A brief introduction to good twin kitties and a rascally mouse.

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KIT & KABOODLE

Kit and Kaboodle are the stars of Wells’ newest series, kitty twins who never make any trouble—but a little mouse named Spinka creates all kinds of mischief for them.

Wearing a jaunty red cap, wee Spinka is the villain of this “not me!” story. In three short vignettes, the little mouse creates just a teaspoon of trouble in each. Mama and Daddy immediately blame the twins for each misadventure, while the kitties profess their innocence. Neither adults nor children ever notice the sneaky squeaker, who gleefully relishes her devious behavior. With signature Wells’ colors and animal sweetness, the illustrations will have young listeners searching out the impish mouse. The trouble is tiny indeed, as the extent of it is only a slightly stern parent blaming the children for using too much bubble bath or eating one of the chocolate blimpies. Discussions can focus on how Spinka feels left out when she doesn’t receive a gift or isn’t invited to play baseball. Will Spinka ever be caught? Or is Spinka just an imaginary pot-stirrer? Further ambiguity is introduced when Kit, who wears a dress and pink shoes while Kaboodle sports shorts, is referred to with the same masculine pronoun as their twin. Is it a typo or an exploration of gender ambiguity? Readers will need to wait till the next installment to find out.

A brief introduction to good twin kitties and a rascally mouse. (Picture book. 2-5)

Pub Date: May 1, 2018

ISBN: 978-1-250-13075-4

Page Count: 40

Publisher: Godwin Books/Henry Holt

Review Posted Online: March 18, 2018

Kirkus Reviews Issue: April 1, 2018

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Plotless and pointless, the book clearly exists only because its celebrity author wrote it.

YOUR BABY'S FIRST WORD WILL BE DADA

A succession of animal dads do their best to teach their young to say “Dada” in this picture-book vehicle for Fallon.

A grumpy bull says, “DADA!”; his calf moos back. A sad-looking ram insists, “DADA!”; his lamb baas back. A duck, a bee, a dog, a rabbit, a cat, a mouse, a donkey, a pig, a frog, a rooster, and a horse all fail similarly, spread by spread. A final two-spread sequence finds all of the animals arrayed across the pages, dads on the verso and children on the recto. All the text prior to this point has been either iterations of “Dada” or animal sounds in dialogue bubbles; here, narrative text states, “Now everybody get in line, let’s say it together one more time….” Upon the turn of the page, the animal dads gaze round-eyed as their young across the gutter all cry, “DADA!” (except the duckling, who says, “quack”). Ordóñez's illustrations have a bland, digital look, compositions hardly varying with the characters, although the pastel-colored backgrounds change. The punch line fails from a design standpoint, as the sudden, single-bubble chorus of “DADA” appears to be emanating from background features rather than the baby animals’ mouths (only some of which, on close inspection, appear to be open). It also fails to be funny.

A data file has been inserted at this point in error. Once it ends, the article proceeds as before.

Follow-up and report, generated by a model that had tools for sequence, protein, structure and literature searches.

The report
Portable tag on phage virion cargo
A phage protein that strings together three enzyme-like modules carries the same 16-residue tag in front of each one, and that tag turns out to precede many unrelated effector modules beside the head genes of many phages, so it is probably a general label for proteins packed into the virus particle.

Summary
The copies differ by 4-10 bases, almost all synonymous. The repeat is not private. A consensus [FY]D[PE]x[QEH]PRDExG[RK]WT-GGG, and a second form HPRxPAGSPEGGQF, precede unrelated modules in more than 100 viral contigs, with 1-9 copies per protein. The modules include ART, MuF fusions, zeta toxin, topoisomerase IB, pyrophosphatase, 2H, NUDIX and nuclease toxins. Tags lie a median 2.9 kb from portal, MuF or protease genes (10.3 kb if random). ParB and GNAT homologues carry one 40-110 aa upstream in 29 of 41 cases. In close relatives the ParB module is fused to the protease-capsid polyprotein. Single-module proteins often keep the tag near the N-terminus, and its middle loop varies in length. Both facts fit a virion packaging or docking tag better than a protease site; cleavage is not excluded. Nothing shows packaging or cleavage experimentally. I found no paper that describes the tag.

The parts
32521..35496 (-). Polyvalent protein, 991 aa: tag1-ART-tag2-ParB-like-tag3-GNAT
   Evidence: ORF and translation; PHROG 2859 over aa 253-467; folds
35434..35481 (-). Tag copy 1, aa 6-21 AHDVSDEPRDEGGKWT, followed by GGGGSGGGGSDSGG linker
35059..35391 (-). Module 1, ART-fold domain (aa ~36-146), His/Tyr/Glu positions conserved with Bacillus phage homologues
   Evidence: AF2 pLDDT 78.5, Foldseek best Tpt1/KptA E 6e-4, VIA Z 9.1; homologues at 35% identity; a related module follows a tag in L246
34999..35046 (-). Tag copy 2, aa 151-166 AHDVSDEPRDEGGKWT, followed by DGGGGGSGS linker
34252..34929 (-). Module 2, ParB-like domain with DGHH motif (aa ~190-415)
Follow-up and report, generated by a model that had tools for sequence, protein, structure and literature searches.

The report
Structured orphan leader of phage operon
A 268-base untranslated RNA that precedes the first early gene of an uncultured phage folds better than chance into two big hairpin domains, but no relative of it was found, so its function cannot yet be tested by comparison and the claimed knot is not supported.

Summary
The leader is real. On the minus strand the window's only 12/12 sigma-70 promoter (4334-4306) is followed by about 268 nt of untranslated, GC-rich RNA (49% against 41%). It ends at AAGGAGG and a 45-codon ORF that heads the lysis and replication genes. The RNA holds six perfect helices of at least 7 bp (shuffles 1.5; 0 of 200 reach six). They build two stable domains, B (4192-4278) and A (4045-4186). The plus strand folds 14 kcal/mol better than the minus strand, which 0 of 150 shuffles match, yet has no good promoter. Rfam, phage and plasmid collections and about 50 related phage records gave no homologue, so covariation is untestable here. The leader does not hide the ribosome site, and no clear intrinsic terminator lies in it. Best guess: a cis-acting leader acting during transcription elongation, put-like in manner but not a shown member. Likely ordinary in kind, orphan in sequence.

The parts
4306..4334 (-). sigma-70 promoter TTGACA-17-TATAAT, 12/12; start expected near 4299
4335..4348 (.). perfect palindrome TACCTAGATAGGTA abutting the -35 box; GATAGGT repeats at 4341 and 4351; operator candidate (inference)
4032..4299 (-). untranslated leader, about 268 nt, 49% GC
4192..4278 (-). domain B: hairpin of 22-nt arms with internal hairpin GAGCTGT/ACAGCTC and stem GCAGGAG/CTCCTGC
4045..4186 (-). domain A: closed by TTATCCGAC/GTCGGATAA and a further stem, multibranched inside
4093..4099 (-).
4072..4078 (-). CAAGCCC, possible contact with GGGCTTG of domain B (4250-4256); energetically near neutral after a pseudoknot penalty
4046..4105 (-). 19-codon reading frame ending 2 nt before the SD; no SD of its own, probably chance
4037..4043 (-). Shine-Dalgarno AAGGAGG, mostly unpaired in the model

Plotless and pointless, the book clearly exists only because its celebrity author wrote it. (Picture book. 3-5)

Pub Date: June 9, 2015

ISBN: 978-1-250-00934-0

Page Count: 32

Publisher: Feiwel & Friends

Review Posted Online: April 15, 2015

Kirkus Reviews Issue: May 1, 2015

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A good choice for caregivers looking for a positive, uncomplicated introduction to a new baby that focuses on everything an...

I AM A BIG BROTHER

A little boy exults in his new role as big brother.

Rhyming text describes the arrival of a new baby and all of the big brother’s rewarding new duties. He gets to help with feedings, diaper changes, playtime, bathtime, and naptime. Though the rhyming couplets can sometimes feel a bit forced and awkward, the sentiment is sweet, as the focus here never veers from the excitement and love a little boy feels for his tiny new sibling. The charming, uncluttered illustrations convincingly depict the growing bond between this fair-skinned, rosy-cheeked, smiling pair of boys. In the final pages, the parents, heretofore kept mostly out of view, are pictured holding the children. The accompanying text reads: “Mommy, Daddy, baby, me. / We love each other—a family!” In companion volume I Am a Big Sister, the little boy is replaced with a little girl with bows in her hair. Some of the colors and patterns in the illustrations are slightly altered, but it is essentially the same title.

A good choice for caregivers looking for a positive, uncomplicated introduction to a new baby that focuses on everything an older sibling can do to help. (Board book. 2-4)

Pub Date: Jan. 27, 2015

ISBN: 978-0-545-68886-4

Page Count: 24

Publisher: Cartwheel/Scholastic

Review Posted Online: March 17, 2015

Kirkus Reviews Issue: July 1, 2015

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